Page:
K came to stay for a weekend, and my shaky ‘yes’ became a little less shaky. He is adorable, and his smile lights up the room wherever he goes. It’s difficult to stay afraid when you’re staring into the face of a precious child. As we were driving him back to his then-foster parents after that first weekend, I looked out the window and then looked back at his little face and thought to myself, ‘What the heck am I doing? How am I even allowed to be doing this? Can I even be a good mom? I know NOTHING.’ But somehow on that trip, there was a peace I can’t explain. God reminded me I didn’t have to know how to care for him for the rest of my life. I just needed to be able to care for him today, then tomorrow, then the next day. Day by day, He would provide my every need as I provided my son’s every need.
When they officially asked us if we would be willing to adopt him, how could we say no? We adopted him in August 2018. K reminds me how to be joyful every single day. He is a lover of fun, he sings his heart out, and he tells me I’m beautiful and that he loves me multiple times a day. People tell me all the time how lucky he is to have us, but the truth is, we are the lucky ones.
We have only had one placement who hasn’t stayed forever, and it was the most difficult goodbye I ever had to say. L stayed with us for one month, but it felt like an eternity. He was the youngest child we’ve had in our home, which was a beautiful experience. He told us stories with intricate details, wore his hair in a mohawk, and loved bath time. Although I knew the goodbye was coming, nothing could have prepared my heart for it. But deep pain stems from deep love. Sure, if I had loved him less, maybe it would’ve stung a little less. But what a beautiful calling it is to love deeply! And the grief of saying goodbye is just a sign you did something right – you loved until it cost you something, and that is the kind of love worth pursuing.
Soon after we said goodbye to ‘L,’ we decided to reopen our home, but this time we extended the age to 18. We knew teenagers in foster care often felt unwelcome and unwanted, but we wanted them to feel just the opposite. I received a call about a thirteen-year-old girl living at a temporary group home in need of a foster home. They sent me her file, and the next day she was playing basketball with all the neighborhood kids in our front yard when I got home from work. I walked up in my polka-dot dress and tried to say hello to shy, sweet KK.
Her answer to most questions was ‘I don’t know,’ but she was certain of her love for Cici’s pizza, so we went there for dinner. She quickly fit in and started joking with us and teasing us. From the moment she sat at our table to sign the paperwork, she became a part of our forever family. Every child who enters our home is part of our forever family, even if they aren’t adopted. Family looks a little different in our home. We provide a home — a family — for however long a child needs one, whether that’s for now or forever. But once they’re here, they’re woven into our family. We cannot unweave them, as they have loved us and been loved by us.
KK became a forever member of our family in November 2019. Although our children’s adoption days are two of the happiest days of our lives, we also recognize they are also marked by tremendous loss and grief. Yes, they’ve gained a family, but they also lost one. Adoption is equally painful and joyful, and we treat it as such in our home. We acknowledge adoption is the mark of a new family, a new beginning, but we also acknowledge adoption is the loss of a family and an ending. Part of our adoption story has been delicately walking this line of joy and grief and trying to help our children as they navigate their own stories and journeys.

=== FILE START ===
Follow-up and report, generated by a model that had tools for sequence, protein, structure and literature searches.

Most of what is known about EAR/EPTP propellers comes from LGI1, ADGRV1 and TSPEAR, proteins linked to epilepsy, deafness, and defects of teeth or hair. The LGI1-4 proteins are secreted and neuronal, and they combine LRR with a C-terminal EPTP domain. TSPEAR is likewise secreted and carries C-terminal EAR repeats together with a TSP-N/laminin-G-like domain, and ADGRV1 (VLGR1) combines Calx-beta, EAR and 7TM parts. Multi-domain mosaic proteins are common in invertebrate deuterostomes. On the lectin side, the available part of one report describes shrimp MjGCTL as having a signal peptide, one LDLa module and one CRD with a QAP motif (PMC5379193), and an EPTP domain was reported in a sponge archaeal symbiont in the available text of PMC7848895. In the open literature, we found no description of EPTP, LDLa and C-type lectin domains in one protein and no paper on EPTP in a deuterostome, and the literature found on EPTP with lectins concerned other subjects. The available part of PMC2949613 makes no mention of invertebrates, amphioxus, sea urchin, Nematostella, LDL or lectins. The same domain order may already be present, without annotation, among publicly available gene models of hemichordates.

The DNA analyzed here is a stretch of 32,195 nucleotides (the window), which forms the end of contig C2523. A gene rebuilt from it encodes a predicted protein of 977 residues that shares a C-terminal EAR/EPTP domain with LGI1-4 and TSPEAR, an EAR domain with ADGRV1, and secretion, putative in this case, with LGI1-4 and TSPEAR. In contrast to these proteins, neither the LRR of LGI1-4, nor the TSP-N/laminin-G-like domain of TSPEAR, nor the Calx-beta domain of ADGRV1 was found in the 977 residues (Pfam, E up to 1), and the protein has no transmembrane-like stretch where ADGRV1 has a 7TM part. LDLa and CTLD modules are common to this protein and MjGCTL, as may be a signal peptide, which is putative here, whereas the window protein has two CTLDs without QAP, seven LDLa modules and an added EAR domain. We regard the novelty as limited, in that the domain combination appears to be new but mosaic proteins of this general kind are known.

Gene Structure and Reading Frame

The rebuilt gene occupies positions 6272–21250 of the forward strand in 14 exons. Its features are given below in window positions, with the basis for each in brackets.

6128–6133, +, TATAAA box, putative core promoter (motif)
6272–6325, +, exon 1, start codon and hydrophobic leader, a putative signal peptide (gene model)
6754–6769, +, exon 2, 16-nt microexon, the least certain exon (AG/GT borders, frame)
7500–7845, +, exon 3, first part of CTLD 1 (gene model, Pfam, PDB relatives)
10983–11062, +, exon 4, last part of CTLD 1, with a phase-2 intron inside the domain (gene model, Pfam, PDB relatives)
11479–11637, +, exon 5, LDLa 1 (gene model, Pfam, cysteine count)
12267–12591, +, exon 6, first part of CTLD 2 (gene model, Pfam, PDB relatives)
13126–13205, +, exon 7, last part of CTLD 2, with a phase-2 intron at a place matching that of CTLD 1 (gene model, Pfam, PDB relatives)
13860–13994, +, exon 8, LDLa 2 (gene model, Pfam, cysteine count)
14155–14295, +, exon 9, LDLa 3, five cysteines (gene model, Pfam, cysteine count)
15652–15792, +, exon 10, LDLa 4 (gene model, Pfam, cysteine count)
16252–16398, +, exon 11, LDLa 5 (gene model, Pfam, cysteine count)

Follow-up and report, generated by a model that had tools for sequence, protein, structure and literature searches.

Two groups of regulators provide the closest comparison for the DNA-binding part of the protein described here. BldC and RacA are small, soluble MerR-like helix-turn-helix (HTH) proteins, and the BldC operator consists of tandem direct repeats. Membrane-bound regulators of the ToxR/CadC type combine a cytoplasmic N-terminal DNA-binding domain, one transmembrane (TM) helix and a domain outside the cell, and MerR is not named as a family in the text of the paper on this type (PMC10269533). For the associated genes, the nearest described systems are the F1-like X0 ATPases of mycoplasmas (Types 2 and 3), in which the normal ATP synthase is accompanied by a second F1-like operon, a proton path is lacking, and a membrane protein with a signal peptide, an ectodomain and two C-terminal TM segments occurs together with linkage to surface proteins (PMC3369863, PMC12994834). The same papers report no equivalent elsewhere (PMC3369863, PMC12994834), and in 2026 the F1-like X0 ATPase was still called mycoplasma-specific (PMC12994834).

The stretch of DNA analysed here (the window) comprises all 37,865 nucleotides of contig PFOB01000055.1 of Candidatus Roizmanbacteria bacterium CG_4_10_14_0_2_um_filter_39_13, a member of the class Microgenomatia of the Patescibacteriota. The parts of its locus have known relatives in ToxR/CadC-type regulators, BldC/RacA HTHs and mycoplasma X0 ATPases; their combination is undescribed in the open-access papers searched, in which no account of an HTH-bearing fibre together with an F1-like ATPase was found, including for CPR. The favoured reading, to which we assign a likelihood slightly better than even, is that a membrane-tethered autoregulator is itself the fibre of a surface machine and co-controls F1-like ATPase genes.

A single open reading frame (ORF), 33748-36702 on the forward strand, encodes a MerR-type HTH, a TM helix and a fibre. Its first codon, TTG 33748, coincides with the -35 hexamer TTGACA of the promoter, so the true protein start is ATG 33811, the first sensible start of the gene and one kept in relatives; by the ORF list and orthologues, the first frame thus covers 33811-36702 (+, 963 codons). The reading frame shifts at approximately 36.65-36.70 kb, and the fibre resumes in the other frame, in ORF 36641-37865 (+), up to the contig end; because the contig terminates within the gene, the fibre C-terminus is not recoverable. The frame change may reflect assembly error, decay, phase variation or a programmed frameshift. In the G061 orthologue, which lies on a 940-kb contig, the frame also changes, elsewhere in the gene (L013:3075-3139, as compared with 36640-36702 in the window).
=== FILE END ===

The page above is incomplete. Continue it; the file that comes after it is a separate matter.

The struggles we face as a family reflect this loss and trauma. I will not sugar-coat our reality: the last three years of my life have been the most difficult years of my life. We have fought against the effects of childhood trauma, rejection, abuse, and neglect for the sake of our children. We have also had to navigate what a transracial adoptive family looks like and fight to make sure our children remain connected to their heritage, race, and culture. But the fight has been worth it because our children are worth it. While the last three years have been difficult, they have also been beautiful and life-giving.
There have been glimpses of feeling like a family throughout our journey, but the pandemic has truly brought us together. During the quarantine, we have bonded together as a family. We have laughed together, played together, rested together, and worked together. One day, we had an epic dance party. Our children taught us popular dance moves and laughed at us when we didn’t get it right. I stopped to take a mental picture so I could always remember this moment where I felt like we were truly family.
For so long, I had so deeply wanted this feeling of family, but it always seemed just out of reach. Through the difficult growing pains of our family, I was grasping for some sense of normal. I wanted to feel like a mom and for my children to feel like a son and a daughter. But as I look back, I can see the difficult moments were the moments that built trust, that bonded us together. Without those painful moments, we would not have been able to grow into the family we are. That family moment wasn’t a magical moment; it was the end result of many un-magical, ordinary moments. And that is what made the epic dance party so beautiful.
My family is different. We have different skin colors, different DNA, different pasts. We don’t have the same hair or distinctive characteristics, but we do have each other. And each other is all we need.”
This story was submitted to Love What Matters by Karly Pancake of Denton, TX. You can follow her journey on Instagram and her blog. Do you have a similar experience? We’d like to hear your important journey. Submit your own story here. Be sure to subscribe to our free email newsletter for our best stories, and YouTube for our best videos.